The Story in Your Genes
There's tremendous value in genetic data, but it depends on how deeply you look:
1 Each person's genome consists of 3 billion pairs of DNA molecules twined into the long double helix that forms our 46 chromosomes. Those paired bits of DNA come in four types, represented by A, C, T, and G, which form our genes.
2 Most of the billions of letters are the same in every person. But they differ at perhaps 10 million places. You might have a "T" at one location, while someone else has a "C." These differences are called SNPs, for single nucleotide polymorphisms.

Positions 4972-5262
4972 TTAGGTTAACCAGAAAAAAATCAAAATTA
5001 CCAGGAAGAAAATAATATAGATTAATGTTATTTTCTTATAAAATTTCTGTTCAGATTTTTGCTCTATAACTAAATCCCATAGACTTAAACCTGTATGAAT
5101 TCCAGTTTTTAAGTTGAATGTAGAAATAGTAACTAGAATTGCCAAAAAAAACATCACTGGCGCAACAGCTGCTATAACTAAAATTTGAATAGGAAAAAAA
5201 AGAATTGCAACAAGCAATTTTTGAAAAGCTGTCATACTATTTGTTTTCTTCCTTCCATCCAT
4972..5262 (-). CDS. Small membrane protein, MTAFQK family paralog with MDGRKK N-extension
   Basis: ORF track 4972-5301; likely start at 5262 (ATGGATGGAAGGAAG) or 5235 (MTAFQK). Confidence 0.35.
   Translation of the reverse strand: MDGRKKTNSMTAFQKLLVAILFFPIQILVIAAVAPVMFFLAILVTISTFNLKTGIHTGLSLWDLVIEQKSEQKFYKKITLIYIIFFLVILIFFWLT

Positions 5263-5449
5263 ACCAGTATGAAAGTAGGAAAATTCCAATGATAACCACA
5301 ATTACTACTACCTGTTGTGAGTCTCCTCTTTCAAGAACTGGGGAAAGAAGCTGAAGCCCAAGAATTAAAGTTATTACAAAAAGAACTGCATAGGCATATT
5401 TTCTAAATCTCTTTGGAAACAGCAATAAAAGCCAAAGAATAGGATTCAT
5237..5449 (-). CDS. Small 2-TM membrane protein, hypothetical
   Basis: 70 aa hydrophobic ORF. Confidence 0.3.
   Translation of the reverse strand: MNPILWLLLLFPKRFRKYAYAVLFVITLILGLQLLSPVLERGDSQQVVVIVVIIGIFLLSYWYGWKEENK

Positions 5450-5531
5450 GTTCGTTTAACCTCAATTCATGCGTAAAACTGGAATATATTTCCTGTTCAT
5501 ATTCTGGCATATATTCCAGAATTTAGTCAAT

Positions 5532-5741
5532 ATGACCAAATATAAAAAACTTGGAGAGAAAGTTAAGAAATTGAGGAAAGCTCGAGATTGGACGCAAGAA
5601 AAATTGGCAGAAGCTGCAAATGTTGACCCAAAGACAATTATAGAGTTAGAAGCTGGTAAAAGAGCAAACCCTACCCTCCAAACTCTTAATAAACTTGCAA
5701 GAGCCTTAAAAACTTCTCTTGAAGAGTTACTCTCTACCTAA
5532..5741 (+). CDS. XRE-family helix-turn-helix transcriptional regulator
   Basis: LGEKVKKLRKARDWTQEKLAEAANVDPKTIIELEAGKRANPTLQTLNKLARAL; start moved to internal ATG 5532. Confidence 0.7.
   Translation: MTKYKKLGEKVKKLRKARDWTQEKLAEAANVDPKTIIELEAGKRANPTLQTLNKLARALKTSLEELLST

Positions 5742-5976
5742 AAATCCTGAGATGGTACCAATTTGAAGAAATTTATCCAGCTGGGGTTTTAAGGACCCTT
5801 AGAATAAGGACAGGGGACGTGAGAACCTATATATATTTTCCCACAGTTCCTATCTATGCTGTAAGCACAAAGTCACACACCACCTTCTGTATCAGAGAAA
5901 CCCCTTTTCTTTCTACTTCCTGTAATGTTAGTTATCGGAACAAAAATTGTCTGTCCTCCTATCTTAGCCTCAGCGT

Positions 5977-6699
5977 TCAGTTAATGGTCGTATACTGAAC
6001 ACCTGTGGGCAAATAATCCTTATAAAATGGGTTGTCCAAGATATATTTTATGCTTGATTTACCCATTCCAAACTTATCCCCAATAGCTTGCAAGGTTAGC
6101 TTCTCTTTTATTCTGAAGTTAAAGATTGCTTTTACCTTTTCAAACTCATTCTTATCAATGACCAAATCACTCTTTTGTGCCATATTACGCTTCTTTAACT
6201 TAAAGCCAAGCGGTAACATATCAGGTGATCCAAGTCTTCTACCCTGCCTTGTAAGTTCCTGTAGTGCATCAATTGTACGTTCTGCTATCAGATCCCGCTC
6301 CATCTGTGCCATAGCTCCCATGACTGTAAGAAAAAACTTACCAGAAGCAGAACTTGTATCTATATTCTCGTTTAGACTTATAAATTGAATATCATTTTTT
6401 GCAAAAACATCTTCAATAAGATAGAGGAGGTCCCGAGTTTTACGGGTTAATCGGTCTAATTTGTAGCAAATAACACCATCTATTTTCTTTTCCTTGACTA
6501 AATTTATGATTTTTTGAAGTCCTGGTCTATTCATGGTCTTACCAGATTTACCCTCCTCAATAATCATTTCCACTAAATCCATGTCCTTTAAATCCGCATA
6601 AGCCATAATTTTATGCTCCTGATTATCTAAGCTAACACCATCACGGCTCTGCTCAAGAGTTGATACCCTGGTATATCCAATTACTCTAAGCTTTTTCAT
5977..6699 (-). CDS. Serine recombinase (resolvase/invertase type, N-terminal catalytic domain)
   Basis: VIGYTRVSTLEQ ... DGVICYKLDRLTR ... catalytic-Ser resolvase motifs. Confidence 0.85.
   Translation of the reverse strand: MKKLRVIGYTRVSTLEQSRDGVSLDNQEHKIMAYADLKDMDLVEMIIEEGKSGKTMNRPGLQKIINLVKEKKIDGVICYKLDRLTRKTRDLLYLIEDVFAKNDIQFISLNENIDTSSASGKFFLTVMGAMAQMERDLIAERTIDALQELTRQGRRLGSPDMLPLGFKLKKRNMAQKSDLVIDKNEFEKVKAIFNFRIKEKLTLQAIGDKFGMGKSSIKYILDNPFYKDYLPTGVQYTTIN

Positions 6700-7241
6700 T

3 Mutations in genes cause certain diseases, such as cystic fibrosis and sickle cell anemia. In contrast, SNPs usually are only weakly linked to the risk of diseases, studies show. And so far, the personal genomics companies analyze only SNPs.
4 Among other problems, today's gene testing covers only a small fraction of SNPs. But even if all SNPs were tested, is it really medically useful to know that your SNPs are associated with, say, a 5% higher risk of multiple sclerosis?